First Published: 2017-02-15

Kuwaiti MPs took bribes for votes says opposition
Opposition MP says more than one dozen lawmakers took bribes from government in exchange for votes in 2011.
Middle East Online

Corruption case led to large street protests in 2011

KUWAIT CITY - An opposition lawmaker on Wednesday accused more than a dozen former and current members of Kuwait's parliament of accepting millions of dollars from the government in exchange for votes.

During testimony at special session of parliament, Riyadh al-Adasani showed what he said were documents proving that 13 legislators had received 51 million dinars ($170 million) in 2011.

Adasani named those alleged to have accepted the bribes for voting in favour of the government in the parliament. Of them, four are members in the current parliament.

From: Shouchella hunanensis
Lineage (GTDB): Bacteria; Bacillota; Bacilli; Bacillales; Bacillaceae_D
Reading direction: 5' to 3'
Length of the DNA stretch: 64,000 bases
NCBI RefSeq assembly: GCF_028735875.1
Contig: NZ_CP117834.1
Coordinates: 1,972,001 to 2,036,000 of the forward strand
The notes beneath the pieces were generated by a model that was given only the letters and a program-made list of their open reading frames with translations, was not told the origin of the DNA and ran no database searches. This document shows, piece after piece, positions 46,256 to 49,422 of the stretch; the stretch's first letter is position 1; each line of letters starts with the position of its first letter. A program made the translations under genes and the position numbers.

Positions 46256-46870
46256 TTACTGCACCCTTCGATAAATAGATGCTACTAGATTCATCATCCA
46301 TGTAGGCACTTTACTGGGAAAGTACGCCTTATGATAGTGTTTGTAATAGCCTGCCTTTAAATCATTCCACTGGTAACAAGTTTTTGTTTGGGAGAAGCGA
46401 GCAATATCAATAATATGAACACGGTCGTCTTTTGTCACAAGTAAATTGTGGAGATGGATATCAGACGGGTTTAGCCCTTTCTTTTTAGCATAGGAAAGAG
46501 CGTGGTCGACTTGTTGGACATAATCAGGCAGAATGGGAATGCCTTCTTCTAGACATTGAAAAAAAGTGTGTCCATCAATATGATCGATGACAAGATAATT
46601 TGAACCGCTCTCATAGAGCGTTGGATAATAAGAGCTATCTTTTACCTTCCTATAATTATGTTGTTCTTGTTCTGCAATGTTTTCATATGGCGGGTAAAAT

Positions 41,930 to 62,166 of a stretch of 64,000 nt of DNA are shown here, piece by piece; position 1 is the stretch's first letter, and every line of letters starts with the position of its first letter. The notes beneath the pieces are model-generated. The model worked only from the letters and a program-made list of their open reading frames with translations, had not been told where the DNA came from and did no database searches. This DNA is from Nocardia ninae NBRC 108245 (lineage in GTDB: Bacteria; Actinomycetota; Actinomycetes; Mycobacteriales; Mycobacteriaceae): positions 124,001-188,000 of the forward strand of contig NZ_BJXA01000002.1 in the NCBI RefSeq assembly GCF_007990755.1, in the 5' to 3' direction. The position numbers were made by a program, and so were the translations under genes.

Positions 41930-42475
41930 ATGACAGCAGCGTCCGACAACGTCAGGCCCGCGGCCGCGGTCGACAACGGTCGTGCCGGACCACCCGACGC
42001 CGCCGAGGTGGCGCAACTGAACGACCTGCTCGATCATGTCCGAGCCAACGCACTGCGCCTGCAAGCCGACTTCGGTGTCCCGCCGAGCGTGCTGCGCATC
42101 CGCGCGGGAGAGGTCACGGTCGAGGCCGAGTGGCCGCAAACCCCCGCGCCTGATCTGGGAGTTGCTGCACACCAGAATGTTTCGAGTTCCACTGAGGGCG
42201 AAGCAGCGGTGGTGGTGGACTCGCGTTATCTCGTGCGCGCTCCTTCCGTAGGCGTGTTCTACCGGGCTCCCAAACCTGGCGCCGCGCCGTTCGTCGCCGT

Adasani was a member of a parliamentary panel formed in early 2012 by the then opposition-dominated parliament to probe the alleged bribes.

That parliament decided to investigate the allegations after the public prosecution shelved the case in October 2011, saying it had found no evidence of any crimes.

The prosecution had interrogated the accused lawmakers in the highly publicised case which triggered large street protests in late 2011 and led to the resignation of former prime minister Sheikh Nasser Mohammad al-Ahmad Al-Sabah.

The government on Wednesday denied any wrongdoing in the case and said it was ready to act if it receives any evidence.

During Wednesday's session of parliament, several lawmakers said corruption was rampant in the oil-rich Gulf state and charged that the government was not doing enough to curb it.

Lawmakers passed recommendations calling for the amendment of anti-corruption legislation within a month to allow the case to be reopened.

They also called on the Anti-Corruption Authority to start accepting cases related to alleged bribes among MPs.

 

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